Monday, January 17, 2022

China is Confusing the World with Disinformation

The digital revolution has closed the information gap, but it also has increased the chances of citizens falling into tropes created by foreign state-sponsored disinformation.

The spreading of disinformation by a government is nothing new. With the digitalization of news, it just spreads faster. And even when people are becoming more aware of disinformation, it still is difficult to tell the truth from disinformation, as was the case in the early stages of the pandemic.

When China was facing a backlash over its handling of the early stages of the pandemic last year, and some U.S. officials were floating the theory that the virus could have escaped from a Wuhan lab, China’s Global Times started to push its own conspiracy theory.

Despite a complete lack of evidence, the station suggested the virus originated at a military base in Maryland in the U.S. and was brought to China by American soldiers during an athletics competition.

Foreign Ministry spokesman Zhao Lijian sharing disinformation on his Twitter account.
Foreign Ministry spokesman Zhao Lijian, a prominent Chinese ‘wolf warrior’ diplomat with a history of sharing disinformation on his Twitter account. (Image: Chinese Ministry of Foreign Affairs)

The era of wolf warriors and doctored videos spreading disinformation

The Oxford Internet Institute (OII), a department at the University of Oxford dedicated to studying Internet-society relationships, has found in their research that disinformation campaigns are on the rise in many countries. Researchers at OII have been monitoring the findings of data from 2017 and have found that more than 70 countries are actively manipulating news and furthering propaganda to affect public opinions.

While there are many countries that engage in disinformation, China tops the list. Their recent doctored videos and “wolf warriors” are storming the Internet, making opinions of their own citizens and that of neighboring Asian countries. Their recent doctored video of an Ecuador prison riot marketed as an anti-Chinese hate campaign has gone viral while fueling distrust and hatred toward Americans.

In the video, an Asian man is seen lying on the ground covered in blood and with his face wrenched in pain. Dozens of Spanish-speaking men attack him with bats and sticks, beating him in broad daylight. No source is cited in the video, which was described in the post as a hate crime against Asians in America, and went viral on social media platforms in Asia.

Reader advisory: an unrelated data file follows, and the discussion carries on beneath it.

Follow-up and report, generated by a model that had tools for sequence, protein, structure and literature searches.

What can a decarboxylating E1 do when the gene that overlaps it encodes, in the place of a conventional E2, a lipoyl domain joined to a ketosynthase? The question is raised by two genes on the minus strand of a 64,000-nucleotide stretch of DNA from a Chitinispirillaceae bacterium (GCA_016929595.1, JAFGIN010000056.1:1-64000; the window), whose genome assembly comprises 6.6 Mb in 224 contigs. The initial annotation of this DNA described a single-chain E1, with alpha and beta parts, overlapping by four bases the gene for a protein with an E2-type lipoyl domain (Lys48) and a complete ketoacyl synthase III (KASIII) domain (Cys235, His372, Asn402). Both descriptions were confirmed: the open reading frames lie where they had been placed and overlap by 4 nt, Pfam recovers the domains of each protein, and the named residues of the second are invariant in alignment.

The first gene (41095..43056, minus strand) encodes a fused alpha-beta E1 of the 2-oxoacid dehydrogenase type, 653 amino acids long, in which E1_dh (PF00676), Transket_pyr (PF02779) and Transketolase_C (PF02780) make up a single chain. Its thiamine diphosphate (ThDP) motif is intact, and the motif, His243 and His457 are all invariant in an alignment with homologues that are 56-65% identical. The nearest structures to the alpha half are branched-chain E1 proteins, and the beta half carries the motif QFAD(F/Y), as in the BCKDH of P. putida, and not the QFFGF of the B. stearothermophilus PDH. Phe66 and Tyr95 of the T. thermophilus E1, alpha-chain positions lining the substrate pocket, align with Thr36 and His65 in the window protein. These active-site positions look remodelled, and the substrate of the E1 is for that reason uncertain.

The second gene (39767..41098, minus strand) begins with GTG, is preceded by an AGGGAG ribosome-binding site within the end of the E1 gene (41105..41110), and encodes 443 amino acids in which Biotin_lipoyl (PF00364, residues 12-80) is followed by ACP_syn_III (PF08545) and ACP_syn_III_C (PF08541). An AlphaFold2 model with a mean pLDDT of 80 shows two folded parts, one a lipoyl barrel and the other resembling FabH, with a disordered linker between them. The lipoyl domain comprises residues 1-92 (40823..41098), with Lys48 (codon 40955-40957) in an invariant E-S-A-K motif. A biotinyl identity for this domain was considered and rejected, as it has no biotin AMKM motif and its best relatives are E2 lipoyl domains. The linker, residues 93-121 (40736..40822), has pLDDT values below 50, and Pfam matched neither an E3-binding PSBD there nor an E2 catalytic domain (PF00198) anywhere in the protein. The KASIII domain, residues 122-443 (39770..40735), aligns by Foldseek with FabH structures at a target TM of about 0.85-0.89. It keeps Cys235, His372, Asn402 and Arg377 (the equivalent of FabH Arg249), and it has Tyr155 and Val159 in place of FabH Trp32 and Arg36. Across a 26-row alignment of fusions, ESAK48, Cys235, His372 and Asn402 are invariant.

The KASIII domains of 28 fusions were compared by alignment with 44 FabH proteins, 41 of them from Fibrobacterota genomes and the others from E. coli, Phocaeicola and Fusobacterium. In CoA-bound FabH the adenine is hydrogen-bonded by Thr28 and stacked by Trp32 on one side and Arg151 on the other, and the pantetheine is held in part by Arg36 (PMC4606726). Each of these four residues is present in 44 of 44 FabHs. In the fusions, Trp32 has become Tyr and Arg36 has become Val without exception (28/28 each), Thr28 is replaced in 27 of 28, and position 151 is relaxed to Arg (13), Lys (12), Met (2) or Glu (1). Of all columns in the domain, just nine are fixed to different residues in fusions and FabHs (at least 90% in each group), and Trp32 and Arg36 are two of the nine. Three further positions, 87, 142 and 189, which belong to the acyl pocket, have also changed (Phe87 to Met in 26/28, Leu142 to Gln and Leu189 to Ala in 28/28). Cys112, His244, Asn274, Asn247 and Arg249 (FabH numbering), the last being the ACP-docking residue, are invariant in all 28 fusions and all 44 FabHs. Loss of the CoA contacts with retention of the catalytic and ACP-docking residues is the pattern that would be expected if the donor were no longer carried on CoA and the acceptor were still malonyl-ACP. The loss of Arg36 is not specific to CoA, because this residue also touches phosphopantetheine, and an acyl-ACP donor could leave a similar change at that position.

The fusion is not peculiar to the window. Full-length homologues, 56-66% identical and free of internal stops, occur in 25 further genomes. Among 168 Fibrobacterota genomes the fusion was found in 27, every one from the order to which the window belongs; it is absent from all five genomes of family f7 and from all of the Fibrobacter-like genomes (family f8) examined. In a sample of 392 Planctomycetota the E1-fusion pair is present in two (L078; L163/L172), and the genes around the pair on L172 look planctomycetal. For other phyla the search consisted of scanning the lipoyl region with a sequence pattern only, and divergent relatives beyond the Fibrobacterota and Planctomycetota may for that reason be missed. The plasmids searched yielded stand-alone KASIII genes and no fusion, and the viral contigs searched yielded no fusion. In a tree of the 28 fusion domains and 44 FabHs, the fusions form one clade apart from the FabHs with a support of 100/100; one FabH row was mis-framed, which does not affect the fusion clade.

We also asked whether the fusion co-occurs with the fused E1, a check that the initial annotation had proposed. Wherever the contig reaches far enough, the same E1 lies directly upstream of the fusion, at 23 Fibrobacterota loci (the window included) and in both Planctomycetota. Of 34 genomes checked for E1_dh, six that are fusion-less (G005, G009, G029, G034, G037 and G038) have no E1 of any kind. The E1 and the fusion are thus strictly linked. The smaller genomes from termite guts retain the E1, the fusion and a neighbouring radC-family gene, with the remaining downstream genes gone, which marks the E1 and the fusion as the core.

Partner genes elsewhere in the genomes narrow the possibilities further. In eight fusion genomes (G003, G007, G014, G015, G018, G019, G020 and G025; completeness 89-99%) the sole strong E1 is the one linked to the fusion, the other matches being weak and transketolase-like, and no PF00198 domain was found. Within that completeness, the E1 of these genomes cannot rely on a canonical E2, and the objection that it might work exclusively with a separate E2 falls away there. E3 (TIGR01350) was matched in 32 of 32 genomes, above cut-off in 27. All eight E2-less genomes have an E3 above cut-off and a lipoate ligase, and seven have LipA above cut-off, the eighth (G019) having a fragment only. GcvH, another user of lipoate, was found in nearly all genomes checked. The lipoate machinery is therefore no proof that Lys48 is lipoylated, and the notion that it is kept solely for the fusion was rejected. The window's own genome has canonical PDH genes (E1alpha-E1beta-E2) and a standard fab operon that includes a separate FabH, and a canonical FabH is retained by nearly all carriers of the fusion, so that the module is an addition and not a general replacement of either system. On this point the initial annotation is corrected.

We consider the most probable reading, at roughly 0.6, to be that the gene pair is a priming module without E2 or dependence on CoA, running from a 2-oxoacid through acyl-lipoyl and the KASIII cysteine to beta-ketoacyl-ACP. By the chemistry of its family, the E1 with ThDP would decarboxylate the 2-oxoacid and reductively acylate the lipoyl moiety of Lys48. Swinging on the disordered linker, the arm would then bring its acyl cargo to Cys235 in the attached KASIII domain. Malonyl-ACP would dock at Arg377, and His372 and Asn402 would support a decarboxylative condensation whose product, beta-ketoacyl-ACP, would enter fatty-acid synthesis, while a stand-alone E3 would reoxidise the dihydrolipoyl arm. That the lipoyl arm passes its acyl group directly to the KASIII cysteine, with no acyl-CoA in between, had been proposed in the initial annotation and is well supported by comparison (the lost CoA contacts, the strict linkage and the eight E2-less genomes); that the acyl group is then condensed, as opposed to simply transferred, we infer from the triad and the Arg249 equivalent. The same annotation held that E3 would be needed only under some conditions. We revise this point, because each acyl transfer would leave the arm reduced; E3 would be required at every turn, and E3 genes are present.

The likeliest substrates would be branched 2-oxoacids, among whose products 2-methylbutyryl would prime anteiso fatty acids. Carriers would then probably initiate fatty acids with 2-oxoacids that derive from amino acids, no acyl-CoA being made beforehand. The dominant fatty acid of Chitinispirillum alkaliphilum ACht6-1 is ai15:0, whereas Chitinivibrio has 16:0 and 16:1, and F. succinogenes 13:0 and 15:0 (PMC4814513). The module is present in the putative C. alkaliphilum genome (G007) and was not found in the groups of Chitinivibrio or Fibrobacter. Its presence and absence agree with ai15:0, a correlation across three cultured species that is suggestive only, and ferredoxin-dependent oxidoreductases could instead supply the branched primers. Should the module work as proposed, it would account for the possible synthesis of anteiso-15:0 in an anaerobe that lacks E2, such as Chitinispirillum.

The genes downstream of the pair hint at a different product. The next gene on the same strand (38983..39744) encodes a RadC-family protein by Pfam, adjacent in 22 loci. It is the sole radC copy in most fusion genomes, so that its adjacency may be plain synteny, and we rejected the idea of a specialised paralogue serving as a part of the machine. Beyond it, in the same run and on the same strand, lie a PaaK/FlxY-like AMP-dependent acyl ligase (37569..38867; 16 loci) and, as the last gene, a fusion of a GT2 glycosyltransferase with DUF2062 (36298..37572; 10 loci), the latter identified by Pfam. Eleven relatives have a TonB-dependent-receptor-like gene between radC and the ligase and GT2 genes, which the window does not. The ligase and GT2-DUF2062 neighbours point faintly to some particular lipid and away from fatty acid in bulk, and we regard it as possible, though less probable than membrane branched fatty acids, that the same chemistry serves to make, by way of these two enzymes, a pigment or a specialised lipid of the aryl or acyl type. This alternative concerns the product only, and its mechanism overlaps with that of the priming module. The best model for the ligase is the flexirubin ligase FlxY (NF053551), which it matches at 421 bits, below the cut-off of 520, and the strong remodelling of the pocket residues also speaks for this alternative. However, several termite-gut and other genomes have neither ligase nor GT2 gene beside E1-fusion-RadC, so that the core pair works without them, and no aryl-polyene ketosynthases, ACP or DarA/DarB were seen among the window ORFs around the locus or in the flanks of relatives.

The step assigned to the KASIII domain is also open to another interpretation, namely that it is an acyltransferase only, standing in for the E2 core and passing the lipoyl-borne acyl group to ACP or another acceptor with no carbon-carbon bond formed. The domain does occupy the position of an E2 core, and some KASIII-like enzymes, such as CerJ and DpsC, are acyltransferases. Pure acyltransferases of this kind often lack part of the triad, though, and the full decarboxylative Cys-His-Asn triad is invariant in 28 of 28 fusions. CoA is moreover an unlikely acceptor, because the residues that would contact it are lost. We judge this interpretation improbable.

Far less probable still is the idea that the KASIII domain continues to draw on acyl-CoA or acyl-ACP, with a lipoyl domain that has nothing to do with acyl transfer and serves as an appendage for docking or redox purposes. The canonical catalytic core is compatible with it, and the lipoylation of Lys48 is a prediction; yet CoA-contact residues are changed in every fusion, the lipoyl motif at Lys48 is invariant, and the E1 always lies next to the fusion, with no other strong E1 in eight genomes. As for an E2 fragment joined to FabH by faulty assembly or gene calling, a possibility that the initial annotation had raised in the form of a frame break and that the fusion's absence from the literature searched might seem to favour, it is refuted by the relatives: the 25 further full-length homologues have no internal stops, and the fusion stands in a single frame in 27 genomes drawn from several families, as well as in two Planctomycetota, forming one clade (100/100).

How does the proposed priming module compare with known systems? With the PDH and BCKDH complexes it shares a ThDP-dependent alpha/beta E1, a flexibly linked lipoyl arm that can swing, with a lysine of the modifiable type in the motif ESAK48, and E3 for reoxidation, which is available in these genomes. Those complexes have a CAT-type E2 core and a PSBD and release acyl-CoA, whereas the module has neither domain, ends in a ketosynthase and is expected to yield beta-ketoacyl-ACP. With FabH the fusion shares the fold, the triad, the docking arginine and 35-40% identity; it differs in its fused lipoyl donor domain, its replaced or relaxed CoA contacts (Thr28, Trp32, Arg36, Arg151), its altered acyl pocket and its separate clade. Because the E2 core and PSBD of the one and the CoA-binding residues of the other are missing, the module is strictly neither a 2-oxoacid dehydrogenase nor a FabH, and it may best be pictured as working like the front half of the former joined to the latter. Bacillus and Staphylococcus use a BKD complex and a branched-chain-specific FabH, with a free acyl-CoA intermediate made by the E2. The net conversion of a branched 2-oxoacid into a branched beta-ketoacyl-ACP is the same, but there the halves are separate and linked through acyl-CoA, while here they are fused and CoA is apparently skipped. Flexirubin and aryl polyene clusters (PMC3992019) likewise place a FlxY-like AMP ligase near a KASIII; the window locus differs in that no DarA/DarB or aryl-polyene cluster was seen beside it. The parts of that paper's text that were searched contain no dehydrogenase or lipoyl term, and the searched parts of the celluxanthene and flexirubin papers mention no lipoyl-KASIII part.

ecuador_prision_riot
Mislabeled image of a prison riot in Ecuador, with a Chinese caption that reads: ‘In California, U.S.A., blacks and whites are killing Chinese. Forward this all over China!’ (Image: Radio Free Asia)

Viral video content and anti-US nationalism

When a particular narrative is being forwarded, many theories can be spun around it to create unrest. Disinformation works in the same way. There has been recent racial unrest in the U.S., including targeting Asian Americans. Taking advantage of this situation, China forwarded the doctored video of the prison beating, which has garnered much sentiment in Asia.

This video was widely shared on major Chinese platforms like WeChat and Line. An RFA (Radio Free Asia) reporter found out that this video was spread with strong anti-U.S. captions and sentiments, targeting Asian audiences. The core aim of such videos is to suggest chaos and widespread racism in America and to spur the national sentiment of the target audience.

China’s ‘keyboard army’

China does this by drawing upon millions of citizens to monitor the Internet and influence public opinion on a massive scale online. These recruits are known as the “50-cent or keyboard army” — so named because of reports that they were paid 0.5 yuan per post.

This keyboard army has long been active on Chinese social media platforms. Its aim has been to aggressively defend and protect China’s image overseas while tainting America’s. China blocks Twitter and Facebook, but its official media and diplomats use the platforms to spread Chinese views and combat critics. And with Chinese diplomats joining Twitter and Facebook in countries such as Thailand, it is easy for these wolf-warriors to instill resentment toward America.

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Max Lu
Max Lu is an author who specializes in Asian geopolitics.
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